Neighborhood Cohesion as a Buffer Against Hostile Maternal Parenting

Jennifer S. Silk, Frances M. Sessa, Amanda Morris, Laurence Steinberg, Shelli Avenevoli

Research output: Contribution to journalReview article

63 Scopus citations

Abstract

This study explored the moderating effects of children's neighborhoods on the link between hostile parenting and externalizing behavior. Participants were 1st- or 2nd-grade children in an urban northeastern community. Children were administered the Parenting and Neighborhood scales of the Child Puppet Interview, and mothers completed questionnaires on neighborhood quality and parenting practices. Census tract measures of neighborhood quality and teachers' reports of children's externalizing behavior also were obtained. Results indicated that children's and mothers' perceptions of neighborhood involvement-cohesion buffered the link between hostile parenting and externalizing problems. Children's externalizing behavior was unrelated to census tract variables. Findings highlight the protective effect of neighborhood social cohesion and the utility of including young children's perspectives in research on neighborhoods and families.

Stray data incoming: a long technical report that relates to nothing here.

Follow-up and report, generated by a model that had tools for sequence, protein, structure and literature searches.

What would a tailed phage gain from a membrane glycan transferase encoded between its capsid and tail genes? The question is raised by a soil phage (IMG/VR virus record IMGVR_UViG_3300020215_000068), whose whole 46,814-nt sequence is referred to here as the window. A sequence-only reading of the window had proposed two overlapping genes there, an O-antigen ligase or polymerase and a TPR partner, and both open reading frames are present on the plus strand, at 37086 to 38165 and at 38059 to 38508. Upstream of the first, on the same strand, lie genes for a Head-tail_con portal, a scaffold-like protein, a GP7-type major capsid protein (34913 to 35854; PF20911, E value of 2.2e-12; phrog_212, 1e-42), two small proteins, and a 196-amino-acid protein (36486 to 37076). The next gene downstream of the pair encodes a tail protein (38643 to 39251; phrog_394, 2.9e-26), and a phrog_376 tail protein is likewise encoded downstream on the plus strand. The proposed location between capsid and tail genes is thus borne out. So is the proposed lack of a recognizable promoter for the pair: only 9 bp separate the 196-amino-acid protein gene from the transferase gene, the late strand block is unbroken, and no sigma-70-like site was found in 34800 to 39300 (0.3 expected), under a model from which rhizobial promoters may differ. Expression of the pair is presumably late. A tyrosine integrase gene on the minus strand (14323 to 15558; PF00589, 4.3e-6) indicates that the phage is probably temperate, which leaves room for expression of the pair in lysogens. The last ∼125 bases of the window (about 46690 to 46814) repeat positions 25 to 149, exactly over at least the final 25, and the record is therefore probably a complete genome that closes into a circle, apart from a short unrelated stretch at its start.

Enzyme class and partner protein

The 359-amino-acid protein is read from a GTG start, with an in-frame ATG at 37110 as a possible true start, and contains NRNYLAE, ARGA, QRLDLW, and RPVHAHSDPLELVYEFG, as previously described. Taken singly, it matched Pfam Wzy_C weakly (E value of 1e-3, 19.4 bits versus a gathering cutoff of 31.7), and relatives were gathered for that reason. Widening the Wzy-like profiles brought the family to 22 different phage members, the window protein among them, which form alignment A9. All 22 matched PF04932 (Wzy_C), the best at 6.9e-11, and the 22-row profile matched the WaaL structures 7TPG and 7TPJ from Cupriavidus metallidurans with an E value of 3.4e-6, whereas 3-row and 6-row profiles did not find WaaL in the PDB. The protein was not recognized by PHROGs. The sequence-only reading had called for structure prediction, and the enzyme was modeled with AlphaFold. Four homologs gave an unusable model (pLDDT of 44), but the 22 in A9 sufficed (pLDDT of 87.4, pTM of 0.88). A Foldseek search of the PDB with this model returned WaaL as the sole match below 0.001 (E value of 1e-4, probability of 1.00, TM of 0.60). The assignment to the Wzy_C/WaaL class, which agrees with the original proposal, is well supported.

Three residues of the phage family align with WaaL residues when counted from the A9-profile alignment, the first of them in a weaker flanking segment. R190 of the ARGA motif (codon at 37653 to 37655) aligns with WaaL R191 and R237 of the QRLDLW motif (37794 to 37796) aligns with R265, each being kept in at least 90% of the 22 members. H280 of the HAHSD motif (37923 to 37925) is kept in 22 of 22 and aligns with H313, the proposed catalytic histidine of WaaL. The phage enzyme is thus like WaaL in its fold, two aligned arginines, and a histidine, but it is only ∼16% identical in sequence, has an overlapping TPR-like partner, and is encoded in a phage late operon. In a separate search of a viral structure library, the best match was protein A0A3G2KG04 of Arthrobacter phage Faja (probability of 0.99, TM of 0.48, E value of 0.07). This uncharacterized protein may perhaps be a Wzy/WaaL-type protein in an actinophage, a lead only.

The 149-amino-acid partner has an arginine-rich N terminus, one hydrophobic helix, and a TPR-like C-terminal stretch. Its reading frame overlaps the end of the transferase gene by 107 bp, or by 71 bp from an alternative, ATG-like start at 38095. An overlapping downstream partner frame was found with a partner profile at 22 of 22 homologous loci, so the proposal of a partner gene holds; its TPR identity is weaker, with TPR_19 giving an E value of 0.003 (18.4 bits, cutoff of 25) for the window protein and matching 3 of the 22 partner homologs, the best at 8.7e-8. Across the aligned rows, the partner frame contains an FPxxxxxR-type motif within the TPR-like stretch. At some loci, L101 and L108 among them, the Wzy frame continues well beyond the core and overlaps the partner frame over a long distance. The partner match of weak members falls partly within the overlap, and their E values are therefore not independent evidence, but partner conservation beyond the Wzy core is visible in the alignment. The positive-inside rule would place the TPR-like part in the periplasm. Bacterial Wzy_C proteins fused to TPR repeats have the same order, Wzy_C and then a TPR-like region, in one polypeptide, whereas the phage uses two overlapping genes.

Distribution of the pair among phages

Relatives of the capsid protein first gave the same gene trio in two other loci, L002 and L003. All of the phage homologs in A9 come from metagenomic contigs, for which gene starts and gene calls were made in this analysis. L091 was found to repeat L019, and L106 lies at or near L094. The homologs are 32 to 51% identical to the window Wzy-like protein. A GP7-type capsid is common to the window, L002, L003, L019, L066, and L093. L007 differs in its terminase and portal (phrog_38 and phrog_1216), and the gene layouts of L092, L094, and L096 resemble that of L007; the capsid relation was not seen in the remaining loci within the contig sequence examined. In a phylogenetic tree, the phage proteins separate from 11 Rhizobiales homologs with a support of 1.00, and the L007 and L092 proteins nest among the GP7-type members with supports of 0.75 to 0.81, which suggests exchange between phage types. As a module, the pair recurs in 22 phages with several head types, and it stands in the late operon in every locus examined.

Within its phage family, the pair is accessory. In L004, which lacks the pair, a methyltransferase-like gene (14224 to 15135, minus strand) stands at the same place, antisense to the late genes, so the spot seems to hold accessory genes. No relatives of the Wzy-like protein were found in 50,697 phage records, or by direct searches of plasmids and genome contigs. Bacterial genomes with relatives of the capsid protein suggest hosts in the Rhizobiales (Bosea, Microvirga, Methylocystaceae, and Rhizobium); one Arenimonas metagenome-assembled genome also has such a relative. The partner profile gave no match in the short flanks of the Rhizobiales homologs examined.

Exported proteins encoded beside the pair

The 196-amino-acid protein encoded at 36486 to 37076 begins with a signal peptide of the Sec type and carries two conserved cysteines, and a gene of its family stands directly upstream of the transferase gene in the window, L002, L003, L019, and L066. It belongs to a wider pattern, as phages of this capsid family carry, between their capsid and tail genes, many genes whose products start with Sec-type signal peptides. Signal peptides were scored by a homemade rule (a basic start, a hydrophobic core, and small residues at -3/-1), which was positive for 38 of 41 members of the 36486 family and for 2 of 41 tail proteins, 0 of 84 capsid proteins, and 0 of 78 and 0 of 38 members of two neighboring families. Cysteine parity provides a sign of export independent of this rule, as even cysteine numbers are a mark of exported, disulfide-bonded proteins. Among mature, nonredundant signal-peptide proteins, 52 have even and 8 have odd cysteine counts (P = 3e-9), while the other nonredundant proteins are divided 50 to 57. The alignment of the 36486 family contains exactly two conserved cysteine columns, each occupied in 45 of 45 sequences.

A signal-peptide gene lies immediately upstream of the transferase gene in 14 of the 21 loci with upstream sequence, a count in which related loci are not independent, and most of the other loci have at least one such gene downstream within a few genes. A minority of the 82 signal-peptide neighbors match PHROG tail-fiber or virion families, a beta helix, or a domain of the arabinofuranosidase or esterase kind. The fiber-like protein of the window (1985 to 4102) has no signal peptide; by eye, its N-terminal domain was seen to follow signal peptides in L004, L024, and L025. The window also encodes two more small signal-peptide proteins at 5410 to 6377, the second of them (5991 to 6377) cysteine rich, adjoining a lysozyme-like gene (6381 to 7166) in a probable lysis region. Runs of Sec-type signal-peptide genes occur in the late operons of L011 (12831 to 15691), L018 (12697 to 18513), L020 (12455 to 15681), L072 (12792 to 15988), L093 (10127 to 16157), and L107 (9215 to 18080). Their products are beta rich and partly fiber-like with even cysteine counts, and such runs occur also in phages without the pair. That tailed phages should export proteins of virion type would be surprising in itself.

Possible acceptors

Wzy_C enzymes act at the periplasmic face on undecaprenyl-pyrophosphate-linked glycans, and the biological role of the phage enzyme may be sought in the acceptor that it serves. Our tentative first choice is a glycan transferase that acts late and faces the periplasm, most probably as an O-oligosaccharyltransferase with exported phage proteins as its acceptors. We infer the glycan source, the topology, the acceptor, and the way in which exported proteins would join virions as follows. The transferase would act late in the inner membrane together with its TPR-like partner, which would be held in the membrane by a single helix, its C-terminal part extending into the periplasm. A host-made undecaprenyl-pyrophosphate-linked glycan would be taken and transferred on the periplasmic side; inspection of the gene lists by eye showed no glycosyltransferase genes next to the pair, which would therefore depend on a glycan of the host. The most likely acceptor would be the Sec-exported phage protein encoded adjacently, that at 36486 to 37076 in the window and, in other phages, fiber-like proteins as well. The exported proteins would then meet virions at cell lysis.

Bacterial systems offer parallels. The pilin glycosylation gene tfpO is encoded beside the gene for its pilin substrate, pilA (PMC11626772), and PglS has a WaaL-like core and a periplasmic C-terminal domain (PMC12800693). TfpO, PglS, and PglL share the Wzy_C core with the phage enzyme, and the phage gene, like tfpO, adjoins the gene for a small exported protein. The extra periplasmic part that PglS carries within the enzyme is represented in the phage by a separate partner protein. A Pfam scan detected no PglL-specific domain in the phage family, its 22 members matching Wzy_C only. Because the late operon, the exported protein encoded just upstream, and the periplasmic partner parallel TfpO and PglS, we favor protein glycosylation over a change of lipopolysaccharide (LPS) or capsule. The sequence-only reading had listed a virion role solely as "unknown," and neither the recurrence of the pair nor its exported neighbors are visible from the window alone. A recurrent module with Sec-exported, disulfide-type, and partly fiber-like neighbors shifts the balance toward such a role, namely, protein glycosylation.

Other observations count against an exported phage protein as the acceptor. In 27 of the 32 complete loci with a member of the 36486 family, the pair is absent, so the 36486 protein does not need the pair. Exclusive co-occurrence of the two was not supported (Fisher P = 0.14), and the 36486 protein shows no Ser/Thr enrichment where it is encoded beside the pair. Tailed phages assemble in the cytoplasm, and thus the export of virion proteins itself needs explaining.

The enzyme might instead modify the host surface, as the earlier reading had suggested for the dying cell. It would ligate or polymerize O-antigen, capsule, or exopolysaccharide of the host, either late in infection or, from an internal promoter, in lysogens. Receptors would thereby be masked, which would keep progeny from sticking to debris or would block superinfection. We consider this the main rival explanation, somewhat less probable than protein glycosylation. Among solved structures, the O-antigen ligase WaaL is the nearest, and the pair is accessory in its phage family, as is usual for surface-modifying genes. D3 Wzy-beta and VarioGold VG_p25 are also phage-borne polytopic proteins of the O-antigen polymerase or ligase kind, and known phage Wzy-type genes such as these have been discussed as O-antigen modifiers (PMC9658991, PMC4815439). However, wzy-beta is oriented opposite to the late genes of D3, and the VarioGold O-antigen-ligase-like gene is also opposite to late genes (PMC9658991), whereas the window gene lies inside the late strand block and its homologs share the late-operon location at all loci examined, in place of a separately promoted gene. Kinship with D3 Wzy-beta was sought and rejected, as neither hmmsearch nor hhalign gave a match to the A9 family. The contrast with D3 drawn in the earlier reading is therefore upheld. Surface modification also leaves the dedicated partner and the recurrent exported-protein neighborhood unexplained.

Original languageEnglish
Pages (from-to)135-146
Number of pages12
JournalJournal of Family Psychology
Volume18
Issue number1
DOIs
StatePublished - 1 Mar 2004

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